Day five – the best laid plans of mice and men often go astray

Ok maybe a list doesn’t make a compelling interface for a portfolio program, after all don’t you want to see everything that’s important to you right up front, using your fingers to scroll. Lists are for lists, but I wanted this app to show much more than the usual list, I wanted tiles that contained your current value and the increase in price so I decided to scrap the work that was done on days four and five and forge ahead with a series of containers that would slide into place depending on the action the user wanted to make, view all stocks, add stocks, just get help, or get a more detailed view of the company information. Since this was all about HTML 5 I would set up the content using sections and articles, where all the pages were sections and all of the quotes themselves were articles. An example of the main help screen is shown below:

<section id="quotes">
<article>
<h1>New In Town?</h1> 
<p>To get started adding your stocks just click the + above and complete the form.</p><h1>There are thousands of stock quote apps, what makes this different?</h1>
<p>Well, we thought you might be more interested in how your particular stock is doing without having to break out a calculator whenever you look at the current stock price, so we built an app that takes the ticker, price of the stock when you purchased it, and the quantity that you purchased and paired that with a almost (okay we’re off about 5 minutes or so) real time price update to give you a real time look at your portfolio’s net worth - anytime - anywhere.</p>
<h1>How did we do it?</h1>
 <p>You are looking at a new breed of mobile application written using HTML5 and javascript with the help of the Sencha Touch framework. In other words whether you are holding an iPhone, iPad, Android, Google Tablet, or even your home PC using Chrome or Safari you are looking at the same app - written once - run anywhere, anytime.</p>
</article>
</section>

The section tag would be displayed as a table, which means that the articles in the section could be zebra striped by applying some new CSS 3 styling.

#quotes article:nth-child(odd) {
  background-color: #E3E3E3;
 } 
 #quotes article:nth-child(even) {
  background-color:#A0A0A0;
 } 

Day Six – cards, containers, panels and lists – what should I do?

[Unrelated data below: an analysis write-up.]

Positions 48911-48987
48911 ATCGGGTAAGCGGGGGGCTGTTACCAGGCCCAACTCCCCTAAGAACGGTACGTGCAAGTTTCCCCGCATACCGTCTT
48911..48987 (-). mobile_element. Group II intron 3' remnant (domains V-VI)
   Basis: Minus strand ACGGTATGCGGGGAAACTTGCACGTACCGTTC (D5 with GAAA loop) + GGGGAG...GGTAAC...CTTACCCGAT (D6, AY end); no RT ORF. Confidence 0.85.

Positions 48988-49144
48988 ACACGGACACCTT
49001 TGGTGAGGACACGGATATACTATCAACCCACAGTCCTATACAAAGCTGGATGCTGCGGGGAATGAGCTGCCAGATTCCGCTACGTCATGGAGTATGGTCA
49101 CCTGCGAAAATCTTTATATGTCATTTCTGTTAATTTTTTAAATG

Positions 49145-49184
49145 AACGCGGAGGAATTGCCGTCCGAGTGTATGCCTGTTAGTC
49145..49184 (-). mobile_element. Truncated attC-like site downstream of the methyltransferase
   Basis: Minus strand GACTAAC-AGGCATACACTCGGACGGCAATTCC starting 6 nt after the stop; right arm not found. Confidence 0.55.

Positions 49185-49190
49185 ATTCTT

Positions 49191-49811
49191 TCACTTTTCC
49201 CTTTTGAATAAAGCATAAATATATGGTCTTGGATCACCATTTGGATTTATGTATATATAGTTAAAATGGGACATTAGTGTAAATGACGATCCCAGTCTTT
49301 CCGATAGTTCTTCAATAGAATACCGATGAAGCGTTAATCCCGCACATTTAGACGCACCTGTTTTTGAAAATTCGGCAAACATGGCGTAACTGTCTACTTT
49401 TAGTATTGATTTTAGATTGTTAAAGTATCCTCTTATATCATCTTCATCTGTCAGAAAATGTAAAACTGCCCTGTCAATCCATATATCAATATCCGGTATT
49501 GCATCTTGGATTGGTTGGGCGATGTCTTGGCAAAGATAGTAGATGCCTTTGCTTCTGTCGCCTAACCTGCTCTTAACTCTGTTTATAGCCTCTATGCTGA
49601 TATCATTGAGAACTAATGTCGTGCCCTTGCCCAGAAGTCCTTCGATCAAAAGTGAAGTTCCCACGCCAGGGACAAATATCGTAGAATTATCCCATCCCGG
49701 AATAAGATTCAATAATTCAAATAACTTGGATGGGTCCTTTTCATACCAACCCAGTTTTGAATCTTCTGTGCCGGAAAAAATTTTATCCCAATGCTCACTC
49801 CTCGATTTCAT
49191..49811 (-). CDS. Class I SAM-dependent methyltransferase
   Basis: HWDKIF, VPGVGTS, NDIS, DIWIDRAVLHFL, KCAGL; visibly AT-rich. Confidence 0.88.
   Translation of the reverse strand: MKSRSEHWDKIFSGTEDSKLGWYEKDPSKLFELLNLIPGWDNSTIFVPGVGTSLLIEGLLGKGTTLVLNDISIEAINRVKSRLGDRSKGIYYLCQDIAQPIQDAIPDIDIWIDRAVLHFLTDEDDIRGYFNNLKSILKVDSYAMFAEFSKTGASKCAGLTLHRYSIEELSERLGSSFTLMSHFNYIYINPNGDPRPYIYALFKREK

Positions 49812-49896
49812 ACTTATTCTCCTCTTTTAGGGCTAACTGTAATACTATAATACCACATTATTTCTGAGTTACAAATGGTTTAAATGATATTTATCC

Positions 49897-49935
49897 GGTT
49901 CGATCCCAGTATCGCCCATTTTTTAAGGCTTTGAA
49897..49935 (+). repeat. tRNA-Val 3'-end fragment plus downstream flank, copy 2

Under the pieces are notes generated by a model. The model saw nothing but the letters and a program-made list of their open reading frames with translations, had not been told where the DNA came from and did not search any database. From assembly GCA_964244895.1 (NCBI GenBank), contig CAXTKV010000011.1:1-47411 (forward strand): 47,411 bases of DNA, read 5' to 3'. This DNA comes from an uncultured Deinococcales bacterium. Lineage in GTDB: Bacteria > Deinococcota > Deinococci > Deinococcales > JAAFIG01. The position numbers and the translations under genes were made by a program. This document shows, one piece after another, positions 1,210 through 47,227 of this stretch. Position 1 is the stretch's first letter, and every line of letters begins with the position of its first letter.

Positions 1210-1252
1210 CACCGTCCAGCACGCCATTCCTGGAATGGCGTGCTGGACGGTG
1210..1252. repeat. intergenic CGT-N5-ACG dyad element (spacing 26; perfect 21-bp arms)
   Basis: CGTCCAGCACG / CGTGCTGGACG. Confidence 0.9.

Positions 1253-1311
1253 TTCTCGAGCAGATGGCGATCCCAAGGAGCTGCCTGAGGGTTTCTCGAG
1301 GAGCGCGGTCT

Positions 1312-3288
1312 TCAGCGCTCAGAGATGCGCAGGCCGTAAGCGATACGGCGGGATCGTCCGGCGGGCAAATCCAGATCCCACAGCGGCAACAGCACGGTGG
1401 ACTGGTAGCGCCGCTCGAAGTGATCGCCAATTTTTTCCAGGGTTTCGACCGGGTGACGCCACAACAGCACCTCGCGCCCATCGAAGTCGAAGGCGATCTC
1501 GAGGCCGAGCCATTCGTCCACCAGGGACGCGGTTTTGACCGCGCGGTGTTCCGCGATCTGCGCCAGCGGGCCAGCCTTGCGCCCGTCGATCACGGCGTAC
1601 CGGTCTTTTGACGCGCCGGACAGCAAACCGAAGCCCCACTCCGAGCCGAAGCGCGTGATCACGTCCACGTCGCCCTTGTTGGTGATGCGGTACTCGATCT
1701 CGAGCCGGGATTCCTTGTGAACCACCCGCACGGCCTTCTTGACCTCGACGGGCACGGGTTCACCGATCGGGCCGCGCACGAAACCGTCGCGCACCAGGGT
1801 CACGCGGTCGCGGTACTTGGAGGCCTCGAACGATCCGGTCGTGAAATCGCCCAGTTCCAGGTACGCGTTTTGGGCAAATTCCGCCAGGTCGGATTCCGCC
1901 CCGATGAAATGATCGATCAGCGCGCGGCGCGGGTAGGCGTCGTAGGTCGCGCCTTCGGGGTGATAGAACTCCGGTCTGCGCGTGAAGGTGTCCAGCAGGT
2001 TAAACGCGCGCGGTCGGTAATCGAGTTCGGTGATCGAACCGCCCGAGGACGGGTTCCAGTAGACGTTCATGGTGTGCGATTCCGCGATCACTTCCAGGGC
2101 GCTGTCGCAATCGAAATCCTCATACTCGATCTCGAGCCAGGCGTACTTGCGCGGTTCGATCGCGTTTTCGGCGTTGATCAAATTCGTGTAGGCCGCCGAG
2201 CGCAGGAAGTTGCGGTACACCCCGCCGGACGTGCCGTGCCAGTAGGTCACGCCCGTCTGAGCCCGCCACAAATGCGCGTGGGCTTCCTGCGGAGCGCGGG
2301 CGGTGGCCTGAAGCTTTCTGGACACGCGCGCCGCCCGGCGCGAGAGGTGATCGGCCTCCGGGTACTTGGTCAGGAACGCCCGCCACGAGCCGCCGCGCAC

Next I created four containers that held my four screens, learning that draggable:true really messed up the users ability to scroll on the iPhone:

var carousel = new Ext.Container({
       id:'news',
       ui:'dark',
       scroll:'vertical',
       draggable:false
});
var carousel2 = new Ext.Container({
       scroll:'vertical',
       id:'portfolio',
       ui:'dark',
       draggable:false
});     
var carousel3 = form = new Ext.form.FormPanel(formBase);
var carousel4 = new Ext.Container({
       html: aboutUs,
       scroll:'vertical',
       id:'about',
       ui:'dark',
       draggable:false
});

I would then change the content on the pages with:

Ext.getCmp('portfolio').update(tbl_jst);

Things were starting to pick up, now I had to assign a handler to the elements to set the primary key of the currently selected stock in a global variable so that I could pass it in an Ajax request to the PHP page that contained the YQL queries for the expanded data view. Do you think I could fit more acronyms into one sentence? I was mailed a handy piece of code just in time by the folks at Sencha that would do the trick:

 Ext.fly('quotes').on({
          tap: setSelectedPK,
          delegate: 'article'
      });

I could slide the pages from one to the next by hooking the following line to any button handlers:

 panel.setCard(carousel2,  'slide');

Days Seven through Ten have been spent making minor adjustments to CSS and button layouts with the hopes of getting to the next round, where I would like to add some more functionality .. and thinking about one thing … how do I monetize this this thing? The short answer appears to be phoneGap, I’ll let you know how that goes in the coming weeks!